The insect, which is 49 million years old, appears to have been smashed just a few days ago
A beetle that lived about 49 million years ago is so well-preserved that the insect looks like it could spread its strikingly patterned wing coverings and fly away. That is if it weren’t squashed and fossilized.
Wing cases, or elytra, are one of the sturdiest parts of a beetle’s exoskeleton, but even so, this level of colour contrast and clarity in a fossil is exceptionally rare, scientists recently reported.
The beautiful design on the ancient beetle’s elytra prompted researchers to name it Pulchritudo attenboroughi, or Attenborough’s Beauty, after famed naturalist and television host Sir David Attenborough. They wrote in a new study that the pattern is “the most perfectly preserved pigment-based colouration known in fossil beetles.”
When the researchers described the beetle beauty, it was already in the collection of the Denver Museum of Nature and Science (DMNS) in Colorado, where it had been on display since it was identified in 1995.
Palaeontologists found the fossil that year in the Green River Formation; once a group of lakes, this rich fossil site spans Colorado, Wyoming and Utah, and dates to the Eocene epoch (55.8 million to 33.9 million years ago).
Scientists initially classified the fossil as a long-horned beetle in the Cerambycidae genus. But while its body shape resembled those of long-horned beetles, its hind limbs were unusually short and beefy, which led the museum’s senior curator of entomology — Frank-Thorsten Krell, lead author of the new study — to question if the beetle might belong to a different group.
In the study, the authors described the beetle as a new genus in a subfamily known for its robust and powerful hind legs: frog-legged leaf beetles.
The fossilized insect, a female, is only the second example of a frog-legged leaf beetle to be found in North America, Krell told Live Science in an email (no modern beetles in this group live in North America today, according to the study).
On P. attenboroughi’s back, dark and symmetrical circular patterns stand out in sharp contrast against a light background. This suggests that bold patterns were present in beetles at least 50 million years ago, the researchers reported.
For a beetle to fossilize as well as this one did, “you need a very fine-grained sediment,” Krell said. Silt or clay at the bottom of a lake is the best substrate for fossilizing insects, and the beetle must sink quickly into the silty lake bottom before its body disintegrates. “And then it should not rot, so an oxygen-poor environment on the lake floor is helpful,” he said.
However, questions still remain about how sediments in the lake bottom preserved the beetle’s high-contrast colours so vividly, Krell added.
Visitors to the DMNS can admire P. attenboroughi for themselves, as the renamed fossil is back on display in the museum’s “Prehistoric Journey” exhibit, representatives said in a statement.
Graves dating back 2,700 years have been unearthed in southern Mexico City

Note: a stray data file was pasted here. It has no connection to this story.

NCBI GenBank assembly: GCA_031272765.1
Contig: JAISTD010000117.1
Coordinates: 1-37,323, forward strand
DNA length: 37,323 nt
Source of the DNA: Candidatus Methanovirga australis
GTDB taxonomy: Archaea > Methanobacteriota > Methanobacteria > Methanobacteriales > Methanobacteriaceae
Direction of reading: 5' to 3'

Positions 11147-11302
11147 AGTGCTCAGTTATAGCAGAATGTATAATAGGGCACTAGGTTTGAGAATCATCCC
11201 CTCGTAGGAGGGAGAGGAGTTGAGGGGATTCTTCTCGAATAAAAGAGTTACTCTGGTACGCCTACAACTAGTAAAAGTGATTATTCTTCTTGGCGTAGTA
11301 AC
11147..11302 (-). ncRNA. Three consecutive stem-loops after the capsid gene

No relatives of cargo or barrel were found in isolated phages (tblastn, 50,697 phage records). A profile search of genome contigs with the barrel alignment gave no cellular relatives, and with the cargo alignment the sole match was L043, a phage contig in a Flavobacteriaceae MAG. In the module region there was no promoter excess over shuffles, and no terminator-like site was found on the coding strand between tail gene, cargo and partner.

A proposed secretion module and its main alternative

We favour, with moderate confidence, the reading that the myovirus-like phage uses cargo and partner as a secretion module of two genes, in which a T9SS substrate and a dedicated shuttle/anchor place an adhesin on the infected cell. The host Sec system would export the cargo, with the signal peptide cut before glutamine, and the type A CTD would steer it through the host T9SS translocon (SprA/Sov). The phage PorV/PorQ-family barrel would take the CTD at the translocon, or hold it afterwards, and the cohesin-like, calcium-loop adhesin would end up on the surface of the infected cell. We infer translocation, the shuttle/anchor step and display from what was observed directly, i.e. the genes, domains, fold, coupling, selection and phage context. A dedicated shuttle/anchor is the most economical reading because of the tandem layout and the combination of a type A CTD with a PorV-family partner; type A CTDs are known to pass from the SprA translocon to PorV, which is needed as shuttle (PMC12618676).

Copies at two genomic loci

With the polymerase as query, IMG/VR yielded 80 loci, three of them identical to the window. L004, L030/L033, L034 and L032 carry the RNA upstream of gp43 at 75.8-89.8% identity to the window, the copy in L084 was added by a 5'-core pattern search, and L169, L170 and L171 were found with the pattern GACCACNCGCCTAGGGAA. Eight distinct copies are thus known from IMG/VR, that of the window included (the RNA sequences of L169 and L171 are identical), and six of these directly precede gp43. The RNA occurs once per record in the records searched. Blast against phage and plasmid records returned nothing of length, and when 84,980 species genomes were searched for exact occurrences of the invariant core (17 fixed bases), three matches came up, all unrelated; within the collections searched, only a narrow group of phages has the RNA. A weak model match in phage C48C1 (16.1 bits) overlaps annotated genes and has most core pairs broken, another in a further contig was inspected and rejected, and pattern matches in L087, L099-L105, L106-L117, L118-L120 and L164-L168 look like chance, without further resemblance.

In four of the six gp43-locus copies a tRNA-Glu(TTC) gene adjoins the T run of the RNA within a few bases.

Experts from the National Institute of Anthropology and History (INAH) have discovered 26 ancient graves dating back 2,700 years at a site in Mexico City.
Located in the south of the capital and adjoining a modern-day cemetery, the site measures 360 square meters and archaeologists believe that it might have been used by women for activities related to the care of infants.
During excavations over the last four months, the INAH team has found the graves at depths between 1.2 and 3.3 meters below street level. About 20 of them are in a perfect state of conservation.
“Until now, we have detected four stages of settlement; four historical periods linked to the start of the 20th century, the Porfiriato [the period of more than three decades when former president Porfirio Díaz was in power], Mexico’s independence and the pre-Hispanic period,” said Antonio Balcorta Yépez, an INAH archaeologist working on the project.
Of the 26 graves found, 11 are in the form of a truncated cone, while the archaeologists have also found vestiges of walls from pre-Hispanic structures.
“We’ve made a series of discoveries that have revolutionized the knowledge we had about graves in the pre-classic period. The context suggests to us that we are in a village where they carried out specialized activities.
The height [of the site and] its geographical and strategic position indicates to us that the people [who lived on] this hill may have had greater control over certain resources compared to the village of Copilco,” Balcorta said.
Truncated cone graves were not only used for funeral purposes but also to store grains, artefacts and waste materials, he explained.
However, there is also evidence that indicates that at least two of the graves may have been used by women for everyday activities related to caring for their children, such as giving a herbal steam bath to a newborn baby.
That theory is supported by the discovery of more than 130 figurines in the graves, most of which represent pregnant women, while a smaller number are of infants. The ceramic pieces feature red, yellow and black colourings on their different body parts.
The INAH team has extracted samples from different parts of the graves to carry out chemical and pollen analyses aimed at confirming or rejecting the perinatal care hypothesis.
The archaeologists have also made discoveries from more recent times including remnants of ammunition used in the Mexican revolution and parts of adobe bricks and other building materials that formed part of a house that stood on the site at the end of the 19th century.